The last guest was Flavia Barca, former commissioner of the culture of Rome, who gave us a very personal contribution on how, in Rome, to overcome the crisis, we must recognize the importance of cultural heritage. The impact that cultural heritage can have on economic, cultural and social, is the cornerstone of a new way of doing politics. This idea of culture for us is new, and we must rethink and revive the historical memory. Re-inhabiting the ruins, the past must be reconsidered and switched to instrument. The 1st part of the session was also attended by Lavinia Pastore, Paola Cannavò, Enrico Parisio for Mille Piani and Sara Seganti for Human Foundation.
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The second part of the session was held on Saturday morning, from 10 am to 5 pm. Students spent their first hour in the garden with expert Zappata Romana. Strategists organized lectures with students in which they explained the three stages of analysis, mapping and testing. During the first co-working session, LabGovers they split into groups to co-create and start the process. The sustainability group led by Professor Luigi Corvo and Lavinia Pastore had the goal of making feasible the economic-financial, social and environmental ideas of the design group.

During this first session, it was considered necessary to dwell on the economic-financial profile, specifically analyzing the cost items and revenue to be leveraged to make the project sustainable. In particular to do so, after highlighting the various categories of stakeholders potentially affected, we focused on tools for fundraising, to the increase revenue of the project, and crowdsourcing, to reduce their costs. The former included mainly spontaneous donations, especially necessary to start a communication campaign that can reach large groups of people, and corporate investments, both civil and institutional. The latter are needed to lower start-up costs of the project.Special thanks also goes to the point of view reported by Sara Seganti for Human Foundation, thanks to her our students understand the importance of a proper evaluation for investments, and  more than anything else the impact that these have on the whole  society.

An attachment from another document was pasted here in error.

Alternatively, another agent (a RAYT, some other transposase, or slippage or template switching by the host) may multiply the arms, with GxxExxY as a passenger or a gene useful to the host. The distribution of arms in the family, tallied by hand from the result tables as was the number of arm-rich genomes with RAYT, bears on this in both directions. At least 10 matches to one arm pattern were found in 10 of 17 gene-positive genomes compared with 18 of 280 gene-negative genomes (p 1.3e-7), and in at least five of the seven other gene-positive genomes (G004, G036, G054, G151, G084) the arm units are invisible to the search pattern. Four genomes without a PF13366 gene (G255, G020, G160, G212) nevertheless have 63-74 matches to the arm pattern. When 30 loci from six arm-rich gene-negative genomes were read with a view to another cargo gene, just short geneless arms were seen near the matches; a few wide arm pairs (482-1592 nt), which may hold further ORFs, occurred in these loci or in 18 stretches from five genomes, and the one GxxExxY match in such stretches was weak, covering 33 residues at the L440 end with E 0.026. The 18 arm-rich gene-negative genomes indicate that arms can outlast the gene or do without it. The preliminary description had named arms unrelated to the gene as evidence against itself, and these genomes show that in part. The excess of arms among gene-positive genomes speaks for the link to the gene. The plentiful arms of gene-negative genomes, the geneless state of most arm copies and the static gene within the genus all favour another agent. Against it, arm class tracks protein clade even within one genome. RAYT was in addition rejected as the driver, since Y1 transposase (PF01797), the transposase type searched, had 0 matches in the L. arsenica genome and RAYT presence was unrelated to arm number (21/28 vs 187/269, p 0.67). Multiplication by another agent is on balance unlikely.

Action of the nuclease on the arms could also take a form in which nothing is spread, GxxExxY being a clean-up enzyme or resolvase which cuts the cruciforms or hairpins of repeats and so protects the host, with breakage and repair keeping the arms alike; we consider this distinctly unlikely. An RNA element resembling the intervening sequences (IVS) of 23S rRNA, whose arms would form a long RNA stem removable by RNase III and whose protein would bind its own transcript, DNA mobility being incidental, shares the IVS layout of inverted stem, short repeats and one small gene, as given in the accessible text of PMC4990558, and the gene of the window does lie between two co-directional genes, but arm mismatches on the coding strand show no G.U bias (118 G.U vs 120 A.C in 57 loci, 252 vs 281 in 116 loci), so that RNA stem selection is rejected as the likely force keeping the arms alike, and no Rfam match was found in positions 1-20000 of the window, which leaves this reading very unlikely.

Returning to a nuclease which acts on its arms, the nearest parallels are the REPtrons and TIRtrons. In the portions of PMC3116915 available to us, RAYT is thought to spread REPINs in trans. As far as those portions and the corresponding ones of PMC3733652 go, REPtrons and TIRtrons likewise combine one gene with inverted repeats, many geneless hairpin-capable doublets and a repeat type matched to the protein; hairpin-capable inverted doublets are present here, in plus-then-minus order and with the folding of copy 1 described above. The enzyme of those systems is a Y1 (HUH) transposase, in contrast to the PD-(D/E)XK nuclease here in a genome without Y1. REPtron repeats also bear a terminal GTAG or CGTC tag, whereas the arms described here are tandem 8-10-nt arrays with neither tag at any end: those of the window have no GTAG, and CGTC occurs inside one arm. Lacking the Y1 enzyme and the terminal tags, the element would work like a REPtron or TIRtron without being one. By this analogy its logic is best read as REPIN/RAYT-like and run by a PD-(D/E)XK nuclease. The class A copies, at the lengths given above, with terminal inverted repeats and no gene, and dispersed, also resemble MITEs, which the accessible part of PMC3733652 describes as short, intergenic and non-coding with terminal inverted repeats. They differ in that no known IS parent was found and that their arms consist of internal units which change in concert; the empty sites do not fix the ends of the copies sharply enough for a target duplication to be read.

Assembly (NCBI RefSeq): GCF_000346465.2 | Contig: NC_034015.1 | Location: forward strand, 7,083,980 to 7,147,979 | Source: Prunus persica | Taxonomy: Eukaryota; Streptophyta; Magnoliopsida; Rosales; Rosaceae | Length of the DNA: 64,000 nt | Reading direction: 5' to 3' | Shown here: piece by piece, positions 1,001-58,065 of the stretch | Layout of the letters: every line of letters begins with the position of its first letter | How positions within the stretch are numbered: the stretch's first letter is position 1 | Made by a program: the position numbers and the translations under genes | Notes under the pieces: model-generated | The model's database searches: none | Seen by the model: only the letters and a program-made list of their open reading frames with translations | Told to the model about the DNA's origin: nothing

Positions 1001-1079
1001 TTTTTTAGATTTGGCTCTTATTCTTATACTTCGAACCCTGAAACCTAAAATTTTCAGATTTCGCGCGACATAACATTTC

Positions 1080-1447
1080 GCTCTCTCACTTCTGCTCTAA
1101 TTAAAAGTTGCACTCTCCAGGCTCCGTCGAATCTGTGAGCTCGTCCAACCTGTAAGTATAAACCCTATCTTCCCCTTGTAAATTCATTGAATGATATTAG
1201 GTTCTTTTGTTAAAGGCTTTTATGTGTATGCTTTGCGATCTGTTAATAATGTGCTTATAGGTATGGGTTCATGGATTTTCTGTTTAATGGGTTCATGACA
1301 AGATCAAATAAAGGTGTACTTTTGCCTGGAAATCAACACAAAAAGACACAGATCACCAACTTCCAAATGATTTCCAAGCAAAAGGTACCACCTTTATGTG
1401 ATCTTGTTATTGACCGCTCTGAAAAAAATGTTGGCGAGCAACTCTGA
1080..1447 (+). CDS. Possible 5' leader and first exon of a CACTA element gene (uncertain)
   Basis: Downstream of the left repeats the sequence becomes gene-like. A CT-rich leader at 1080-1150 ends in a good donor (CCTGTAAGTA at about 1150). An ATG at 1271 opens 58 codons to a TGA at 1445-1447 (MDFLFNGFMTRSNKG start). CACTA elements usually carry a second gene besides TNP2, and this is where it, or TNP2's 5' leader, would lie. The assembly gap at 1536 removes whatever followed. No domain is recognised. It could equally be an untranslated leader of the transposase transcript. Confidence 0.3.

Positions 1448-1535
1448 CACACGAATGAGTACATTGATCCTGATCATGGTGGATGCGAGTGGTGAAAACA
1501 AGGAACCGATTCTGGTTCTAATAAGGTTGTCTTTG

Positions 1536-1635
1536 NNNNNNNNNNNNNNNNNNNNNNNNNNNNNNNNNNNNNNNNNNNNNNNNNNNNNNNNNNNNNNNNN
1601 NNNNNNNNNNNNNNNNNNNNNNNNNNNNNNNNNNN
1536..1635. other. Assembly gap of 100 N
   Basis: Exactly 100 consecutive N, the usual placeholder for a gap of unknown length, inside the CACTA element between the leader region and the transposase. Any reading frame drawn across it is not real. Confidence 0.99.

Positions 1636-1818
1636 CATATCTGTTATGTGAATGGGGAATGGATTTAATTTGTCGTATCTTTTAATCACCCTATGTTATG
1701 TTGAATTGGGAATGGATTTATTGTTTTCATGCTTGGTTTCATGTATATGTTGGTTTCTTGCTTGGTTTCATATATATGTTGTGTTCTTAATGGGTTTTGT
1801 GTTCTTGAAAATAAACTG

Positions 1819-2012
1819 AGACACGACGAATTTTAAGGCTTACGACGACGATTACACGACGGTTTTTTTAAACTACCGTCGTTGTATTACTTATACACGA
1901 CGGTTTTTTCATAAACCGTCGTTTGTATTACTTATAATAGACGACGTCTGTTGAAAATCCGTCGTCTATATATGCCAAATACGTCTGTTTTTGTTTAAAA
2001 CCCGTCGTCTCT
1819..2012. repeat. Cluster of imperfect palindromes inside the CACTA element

The design team, with the help of Eloisa Susanna, Serene Baldari and Paola Cannavò, worked on areas in which to intervene, reviewing areas and imagining solutions to get in touch with the people. One of the objectives that arose in this group was identifying the potential and the critical places. Another key thing that this group set out to do was to analyze existing structures, in particular those that are already based on collaborative structures such as co-working spaces and fablabs. A short-term objective essential for the group is mapping the area by taking a cue from existing best practices.

The third group worked on the difference between assets and assets not mappable mappable with Guglielmo Apolloni, especially, on how to experience an active search for these on the territory. The Communication’s role more sensitive in the process of starting the project, work on their balance is based on the purpose of receiving more visibility and transparency as possible.

The meeting gave the students a chance to take to the field, having acquired the know-how. The next goal is to go and visit the site to review its territory and its needs. Students have identified the managers of several sites to develop with them a relationship of partnership and trust. On November 13, the group will launch the second module of LabGov 2016 where all the students will report their experiences in comparison with the “collaboration-yards” studied.